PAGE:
Date: December 2021, Version 1.0

What is it?

Molnupiravir is an antiviral medicine that can stop early COVID-19 infection from developing into more serious illness. It is taken in tablet form by people with a positive COVID-19 PCR test and mild to moderate symptoms, who are at risk of severe COVID-19.


What are the benefits of using molnupirivir in pregnancy?

Molnupiravir is not recommended in pregnancy. Women of childbearing potential are recommended to use effective contraception whilst being treated with molnupiravir, and for four days after treatment ends.

This is a precautionary approach because of the way the medication works, and because of some studies in animals that suggested that molnupiravir might cause birth defects.

Molnupiravir is a new medicine and there is not yet any information about its use in humans.


What are the risks of using molnupiravir in pregnancy?

It is not yet known whether there are any risks of using molnupiravir in human pregnancy. Over the coming months, this situation may change as more information is gathered.

If you have taken molnupiravir in pregnancy, or you became pregnant shortly after you finished taking it, you should tell your doctor or midwife. If you live in the UK, you can also speak to UKTIS (telephone 0344 892 0909, available Monday to Friday excluding Bank Holidays, 9am to 5pm) for help and advice.


Are there any alternatives to using molnupiravir in pregnancy?

Yes. Other medicines can help prevent severe COVID-19 infection. Synthetic (manmade) antibodies like casirivimab/imdevimab (Ronapreve®) and sotrovimab (Xevudy®) are also new but because they only target the COVID-19 virus, it is thought unlikely to be harmful in pregnancy.

Vaccination against COVID-19 is strongly encouraged for all pregnant women in the UK. It can reduce the chance of infection and help to prevent serious illness, and may reduce the need for other medicines. For more information, please see here.

No treatment

What if I prefer not to take medicines to treat COVID-19 during pregnancy?

Pregnant women are at increased risk of severe COVID-19 illness and higher risks of premature delivery and stillbirth as a consequence. Your doctor will only offer medicines to treat COVID-19 when necessary and will be happy to talk to you about any concerns that you might have.

Will I or my baby need extra monitoring?

As part of routine antenatal care, most women will be offered a scan at 12 weeks of pregnancy and a more detailed scan at around 20 weeks to check the baby’s development. Women who have used molnupiravir in early pregnancy may be offered further scans in a Fetal Medicine Unit, to check the baby’s development in detail.

Are there any risks to my baby if the father has used molnupiravir?

The manufacturer of molnupiravir does not detail any concerns about its use in men whose partners are trying to conceive. However, molnupiravir is a new medicine and because of the way it works, it could temporarily affect sperm around the time of use and for up to three months afterwards.

Please report any pregnancies that were conceived around the time that the male partner was using molnupiravir to UKTIS so that information on use of this drug can be collected to help couples in the future (telephone 0344 892 0909, available Monday to Friday excluding Bank Holidays, 9am to 5pm).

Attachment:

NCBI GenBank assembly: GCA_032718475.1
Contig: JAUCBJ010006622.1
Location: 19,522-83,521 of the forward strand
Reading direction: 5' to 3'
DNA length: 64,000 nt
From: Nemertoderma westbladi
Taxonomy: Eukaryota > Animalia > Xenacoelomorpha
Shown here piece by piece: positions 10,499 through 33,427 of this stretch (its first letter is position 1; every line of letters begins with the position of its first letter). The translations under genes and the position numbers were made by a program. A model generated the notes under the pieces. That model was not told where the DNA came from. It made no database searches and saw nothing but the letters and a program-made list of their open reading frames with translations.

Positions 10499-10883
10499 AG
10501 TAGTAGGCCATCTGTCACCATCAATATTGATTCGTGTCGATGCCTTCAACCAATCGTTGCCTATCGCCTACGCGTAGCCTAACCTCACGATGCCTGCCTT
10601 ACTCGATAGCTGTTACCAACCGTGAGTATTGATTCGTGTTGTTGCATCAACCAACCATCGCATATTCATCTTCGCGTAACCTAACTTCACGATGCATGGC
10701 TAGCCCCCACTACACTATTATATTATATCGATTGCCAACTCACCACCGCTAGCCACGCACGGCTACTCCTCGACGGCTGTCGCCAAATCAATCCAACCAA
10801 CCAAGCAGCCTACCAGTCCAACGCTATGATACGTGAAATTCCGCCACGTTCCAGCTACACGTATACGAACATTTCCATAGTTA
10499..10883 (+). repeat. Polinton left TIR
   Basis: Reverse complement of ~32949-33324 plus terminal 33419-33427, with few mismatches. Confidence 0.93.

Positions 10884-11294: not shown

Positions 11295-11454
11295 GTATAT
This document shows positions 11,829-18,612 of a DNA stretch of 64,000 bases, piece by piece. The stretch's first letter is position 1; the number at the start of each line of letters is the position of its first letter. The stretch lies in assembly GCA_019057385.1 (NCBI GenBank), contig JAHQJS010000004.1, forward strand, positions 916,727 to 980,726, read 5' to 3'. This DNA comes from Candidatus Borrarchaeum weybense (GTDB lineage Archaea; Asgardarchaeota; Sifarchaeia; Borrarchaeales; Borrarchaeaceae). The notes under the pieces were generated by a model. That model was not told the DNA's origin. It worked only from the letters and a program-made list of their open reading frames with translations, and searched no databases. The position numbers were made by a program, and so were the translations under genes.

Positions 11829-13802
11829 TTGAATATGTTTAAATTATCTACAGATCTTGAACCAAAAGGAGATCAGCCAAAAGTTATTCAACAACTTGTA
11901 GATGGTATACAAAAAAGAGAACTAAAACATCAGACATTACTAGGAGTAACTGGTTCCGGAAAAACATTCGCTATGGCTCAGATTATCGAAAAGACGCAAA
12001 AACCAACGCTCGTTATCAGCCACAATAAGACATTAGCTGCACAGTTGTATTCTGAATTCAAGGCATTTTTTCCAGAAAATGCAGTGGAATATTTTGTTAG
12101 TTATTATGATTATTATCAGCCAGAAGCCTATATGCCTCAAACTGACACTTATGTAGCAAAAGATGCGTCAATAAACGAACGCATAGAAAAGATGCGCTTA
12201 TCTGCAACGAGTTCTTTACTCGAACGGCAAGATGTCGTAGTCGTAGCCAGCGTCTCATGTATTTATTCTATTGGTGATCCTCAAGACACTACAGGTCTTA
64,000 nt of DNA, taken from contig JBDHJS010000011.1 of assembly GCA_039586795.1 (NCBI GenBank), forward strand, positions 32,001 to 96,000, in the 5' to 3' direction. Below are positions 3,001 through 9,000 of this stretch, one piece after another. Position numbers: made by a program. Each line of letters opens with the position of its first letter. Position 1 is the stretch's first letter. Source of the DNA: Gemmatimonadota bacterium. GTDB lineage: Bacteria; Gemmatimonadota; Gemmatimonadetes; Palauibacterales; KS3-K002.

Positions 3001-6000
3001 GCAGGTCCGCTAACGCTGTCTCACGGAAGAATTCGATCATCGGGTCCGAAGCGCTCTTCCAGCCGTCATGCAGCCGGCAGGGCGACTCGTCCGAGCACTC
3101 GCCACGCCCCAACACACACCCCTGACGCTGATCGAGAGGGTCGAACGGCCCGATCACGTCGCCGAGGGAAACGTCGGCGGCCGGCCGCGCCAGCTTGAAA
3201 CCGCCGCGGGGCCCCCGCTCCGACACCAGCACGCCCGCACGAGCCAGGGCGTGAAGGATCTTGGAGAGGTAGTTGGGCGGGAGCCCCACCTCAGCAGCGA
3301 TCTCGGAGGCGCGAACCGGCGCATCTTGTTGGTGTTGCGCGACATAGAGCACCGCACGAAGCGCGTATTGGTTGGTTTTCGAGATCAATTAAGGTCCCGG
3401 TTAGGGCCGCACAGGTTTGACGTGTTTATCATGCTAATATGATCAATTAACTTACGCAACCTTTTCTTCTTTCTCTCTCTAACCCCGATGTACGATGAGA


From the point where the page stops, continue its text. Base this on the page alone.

Who can I talk to if I have questions?

If you have any questions regarding the information in this leaflet, please discuss them with your healthcare provider. They can access more detailed medical and scientific information from

How can I help to improve drug safety information for pregnant women in the future?

Our online reporting system (MyBump Portal) allows women who are currently pregnant to create a secure record of their pregnancy, collected through a series of questionnaires. You will be asked to enter information about your health, whether or not you take any medicines, your pregnancy outcome and your child's development. You can update your details at any time during pregnancy or afterwards. This information will help us better understand how medicines affect the health of pregnant women and their babies. Please visit the MyBump Portal to register.

General information
Sadly, miscarriage and birth defects can occur in any pregnancy.

Miscarriage occurs in about 1 in every 5 pregnancies, and 1 in every 40 babies are born with a birth defect. This is called the ‘background risk’ and happens whether medication is taken or not.

Most medicines cross the placenta and reach the baby. For many medications this is not a problem. However, some medicines can affect a baby’s growth and development.

If you take regular medication and are planning to conceive, you should discuss whether your medicine is safe to continue with your doctor/health care team before becoming pregnant. If you have an unplanned pregnancy while taking a medicine, you should tell your doctor as soon as possible.

If a new medicine is suggested for you during pregnancy, please make sure that the person prescribing it knows that you are pregnant. If you have any concerns about a medicine, you can check with your doctor, midwife or pharmacist.

Our Bumps information leaflets provide information about the effects of medicines in pregnancy so that you can decide, together with your healthcare provider, what is best for you and your baby.